Archaeological Charcoal Analysis in New Zealand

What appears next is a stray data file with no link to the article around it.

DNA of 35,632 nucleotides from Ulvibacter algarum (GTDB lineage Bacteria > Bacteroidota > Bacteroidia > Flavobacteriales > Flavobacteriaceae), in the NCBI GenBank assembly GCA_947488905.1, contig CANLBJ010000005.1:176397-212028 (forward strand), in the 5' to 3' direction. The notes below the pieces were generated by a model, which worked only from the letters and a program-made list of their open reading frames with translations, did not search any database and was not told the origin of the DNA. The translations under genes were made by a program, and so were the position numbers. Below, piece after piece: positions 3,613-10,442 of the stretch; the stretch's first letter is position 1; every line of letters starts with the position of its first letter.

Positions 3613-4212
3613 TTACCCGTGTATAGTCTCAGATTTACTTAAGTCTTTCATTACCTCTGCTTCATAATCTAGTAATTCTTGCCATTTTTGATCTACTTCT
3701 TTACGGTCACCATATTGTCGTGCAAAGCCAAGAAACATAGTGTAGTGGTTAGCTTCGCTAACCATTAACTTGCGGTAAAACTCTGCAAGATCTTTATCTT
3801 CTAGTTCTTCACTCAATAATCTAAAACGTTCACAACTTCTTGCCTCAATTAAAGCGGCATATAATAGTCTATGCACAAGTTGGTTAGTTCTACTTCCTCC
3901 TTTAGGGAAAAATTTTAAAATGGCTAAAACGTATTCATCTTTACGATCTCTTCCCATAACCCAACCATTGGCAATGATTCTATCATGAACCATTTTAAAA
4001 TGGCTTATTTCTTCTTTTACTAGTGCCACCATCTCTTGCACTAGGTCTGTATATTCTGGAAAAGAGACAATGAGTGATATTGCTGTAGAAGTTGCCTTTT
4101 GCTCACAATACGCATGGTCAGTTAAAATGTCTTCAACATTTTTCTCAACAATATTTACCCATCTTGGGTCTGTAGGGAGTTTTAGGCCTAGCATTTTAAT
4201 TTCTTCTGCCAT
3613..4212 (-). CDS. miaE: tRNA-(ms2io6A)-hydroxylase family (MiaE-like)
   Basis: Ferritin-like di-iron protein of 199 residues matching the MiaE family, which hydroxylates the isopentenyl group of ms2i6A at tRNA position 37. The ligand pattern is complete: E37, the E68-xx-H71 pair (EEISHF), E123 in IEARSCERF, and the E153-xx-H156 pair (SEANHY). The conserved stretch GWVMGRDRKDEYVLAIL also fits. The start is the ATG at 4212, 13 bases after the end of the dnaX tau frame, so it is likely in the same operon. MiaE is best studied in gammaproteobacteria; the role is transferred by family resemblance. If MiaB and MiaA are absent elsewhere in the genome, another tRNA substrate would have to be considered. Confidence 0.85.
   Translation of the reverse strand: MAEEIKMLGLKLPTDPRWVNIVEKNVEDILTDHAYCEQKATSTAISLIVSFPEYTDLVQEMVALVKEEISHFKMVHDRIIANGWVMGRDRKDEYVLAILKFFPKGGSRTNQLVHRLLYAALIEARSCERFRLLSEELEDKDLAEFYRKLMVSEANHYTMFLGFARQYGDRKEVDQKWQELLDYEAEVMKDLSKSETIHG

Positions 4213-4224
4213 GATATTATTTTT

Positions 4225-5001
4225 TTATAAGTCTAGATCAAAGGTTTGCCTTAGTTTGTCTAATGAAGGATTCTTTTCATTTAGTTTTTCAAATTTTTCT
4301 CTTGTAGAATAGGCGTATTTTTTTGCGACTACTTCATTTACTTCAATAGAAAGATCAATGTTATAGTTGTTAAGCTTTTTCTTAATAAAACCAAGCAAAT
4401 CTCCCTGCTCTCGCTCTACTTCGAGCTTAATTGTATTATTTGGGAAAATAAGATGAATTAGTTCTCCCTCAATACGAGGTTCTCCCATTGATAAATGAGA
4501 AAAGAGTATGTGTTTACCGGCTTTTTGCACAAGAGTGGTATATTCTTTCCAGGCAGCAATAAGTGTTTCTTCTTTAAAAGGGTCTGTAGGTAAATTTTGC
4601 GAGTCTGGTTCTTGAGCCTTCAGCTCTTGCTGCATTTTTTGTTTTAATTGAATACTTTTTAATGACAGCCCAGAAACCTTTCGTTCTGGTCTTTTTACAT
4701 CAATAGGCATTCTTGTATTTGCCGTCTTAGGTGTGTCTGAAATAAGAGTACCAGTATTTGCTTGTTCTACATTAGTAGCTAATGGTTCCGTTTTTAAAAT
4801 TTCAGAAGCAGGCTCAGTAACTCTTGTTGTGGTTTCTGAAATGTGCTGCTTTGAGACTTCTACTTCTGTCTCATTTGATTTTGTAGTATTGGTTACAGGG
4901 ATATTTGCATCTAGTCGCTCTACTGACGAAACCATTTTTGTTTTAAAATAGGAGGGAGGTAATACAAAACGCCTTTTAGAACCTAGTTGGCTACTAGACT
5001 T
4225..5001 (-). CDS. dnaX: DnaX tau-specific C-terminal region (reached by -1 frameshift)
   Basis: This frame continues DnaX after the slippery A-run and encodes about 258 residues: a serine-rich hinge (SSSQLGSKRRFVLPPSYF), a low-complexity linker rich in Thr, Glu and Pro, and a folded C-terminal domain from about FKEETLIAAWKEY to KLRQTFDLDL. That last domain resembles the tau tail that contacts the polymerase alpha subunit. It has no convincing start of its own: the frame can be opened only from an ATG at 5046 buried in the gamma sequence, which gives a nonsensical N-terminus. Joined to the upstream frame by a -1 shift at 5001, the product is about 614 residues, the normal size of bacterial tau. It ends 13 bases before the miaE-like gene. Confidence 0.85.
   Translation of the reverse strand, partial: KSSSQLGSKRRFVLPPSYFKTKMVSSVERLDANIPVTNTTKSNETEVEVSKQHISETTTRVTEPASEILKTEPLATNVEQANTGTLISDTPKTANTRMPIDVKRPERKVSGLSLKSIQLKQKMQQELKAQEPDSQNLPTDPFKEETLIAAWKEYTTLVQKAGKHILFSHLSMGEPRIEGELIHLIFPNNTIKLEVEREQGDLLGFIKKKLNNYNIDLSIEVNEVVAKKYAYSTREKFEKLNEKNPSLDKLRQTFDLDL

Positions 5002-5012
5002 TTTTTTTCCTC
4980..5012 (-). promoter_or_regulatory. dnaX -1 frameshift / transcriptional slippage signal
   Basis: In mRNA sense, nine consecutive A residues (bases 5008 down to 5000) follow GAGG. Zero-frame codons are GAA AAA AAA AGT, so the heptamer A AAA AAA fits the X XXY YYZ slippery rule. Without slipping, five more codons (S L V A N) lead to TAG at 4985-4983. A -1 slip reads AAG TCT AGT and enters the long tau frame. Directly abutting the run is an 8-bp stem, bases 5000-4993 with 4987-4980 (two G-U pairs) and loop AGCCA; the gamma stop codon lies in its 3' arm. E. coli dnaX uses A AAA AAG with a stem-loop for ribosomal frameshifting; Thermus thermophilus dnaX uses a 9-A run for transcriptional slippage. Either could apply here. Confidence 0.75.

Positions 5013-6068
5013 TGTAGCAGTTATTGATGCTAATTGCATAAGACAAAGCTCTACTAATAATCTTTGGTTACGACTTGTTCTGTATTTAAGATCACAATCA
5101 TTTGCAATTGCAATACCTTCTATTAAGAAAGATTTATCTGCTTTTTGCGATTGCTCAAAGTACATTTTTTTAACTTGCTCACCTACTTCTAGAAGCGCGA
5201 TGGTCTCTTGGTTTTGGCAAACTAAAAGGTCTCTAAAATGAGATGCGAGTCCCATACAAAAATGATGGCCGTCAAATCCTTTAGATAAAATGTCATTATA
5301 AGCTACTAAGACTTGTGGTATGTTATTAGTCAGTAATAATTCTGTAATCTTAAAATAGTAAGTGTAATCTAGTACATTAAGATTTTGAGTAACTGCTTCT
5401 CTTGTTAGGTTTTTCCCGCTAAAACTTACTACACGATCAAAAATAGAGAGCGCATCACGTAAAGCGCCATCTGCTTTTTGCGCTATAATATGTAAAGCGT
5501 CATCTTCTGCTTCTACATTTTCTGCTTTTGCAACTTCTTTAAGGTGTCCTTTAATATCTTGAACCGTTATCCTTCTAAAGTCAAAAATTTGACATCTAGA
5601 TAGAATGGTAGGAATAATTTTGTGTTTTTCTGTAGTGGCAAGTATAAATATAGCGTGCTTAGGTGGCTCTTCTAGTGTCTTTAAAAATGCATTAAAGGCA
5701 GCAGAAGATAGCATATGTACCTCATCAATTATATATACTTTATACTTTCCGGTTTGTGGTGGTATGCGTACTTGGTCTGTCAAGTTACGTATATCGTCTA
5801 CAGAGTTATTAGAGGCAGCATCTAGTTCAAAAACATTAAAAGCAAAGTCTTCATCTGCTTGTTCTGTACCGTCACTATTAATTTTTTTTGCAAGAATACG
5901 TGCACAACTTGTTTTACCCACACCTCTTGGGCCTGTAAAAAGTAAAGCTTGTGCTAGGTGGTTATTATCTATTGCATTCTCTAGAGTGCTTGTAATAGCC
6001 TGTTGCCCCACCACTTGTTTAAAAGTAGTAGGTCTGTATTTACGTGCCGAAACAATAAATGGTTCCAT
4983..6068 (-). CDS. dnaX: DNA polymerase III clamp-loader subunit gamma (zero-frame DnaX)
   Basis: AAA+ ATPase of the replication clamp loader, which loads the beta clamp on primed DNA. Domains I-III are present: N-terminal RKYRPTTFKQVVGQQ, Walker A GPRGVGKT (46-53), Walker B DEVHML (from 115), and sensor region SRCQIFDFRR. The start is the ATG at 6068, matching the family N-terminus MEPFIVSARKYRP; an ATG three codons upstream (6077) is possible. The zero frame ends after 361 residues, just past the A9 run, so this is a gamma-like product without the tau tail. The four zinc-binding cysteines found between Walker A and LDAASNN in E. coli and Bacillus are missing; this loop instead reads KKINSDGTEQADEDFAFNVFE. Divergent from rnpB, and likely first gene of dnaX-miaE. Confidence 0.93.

Charcoal is well preserved and abundant in many New Zealand archaeological sites. When identified to species it provides a means of reconstructing past vegetation communities adjacent to occupation sites. However, the way charcoal deposits accumulated needs to be considered before species identifications are converted into vegetation reconstructions. Here a number of examples from New Zealand archaeological sites illustrate how charcoal identification when combined with a consideration of the contexts from which samples are derived allow inferences to be made about human interaction with the fire histories of past vegetation communities.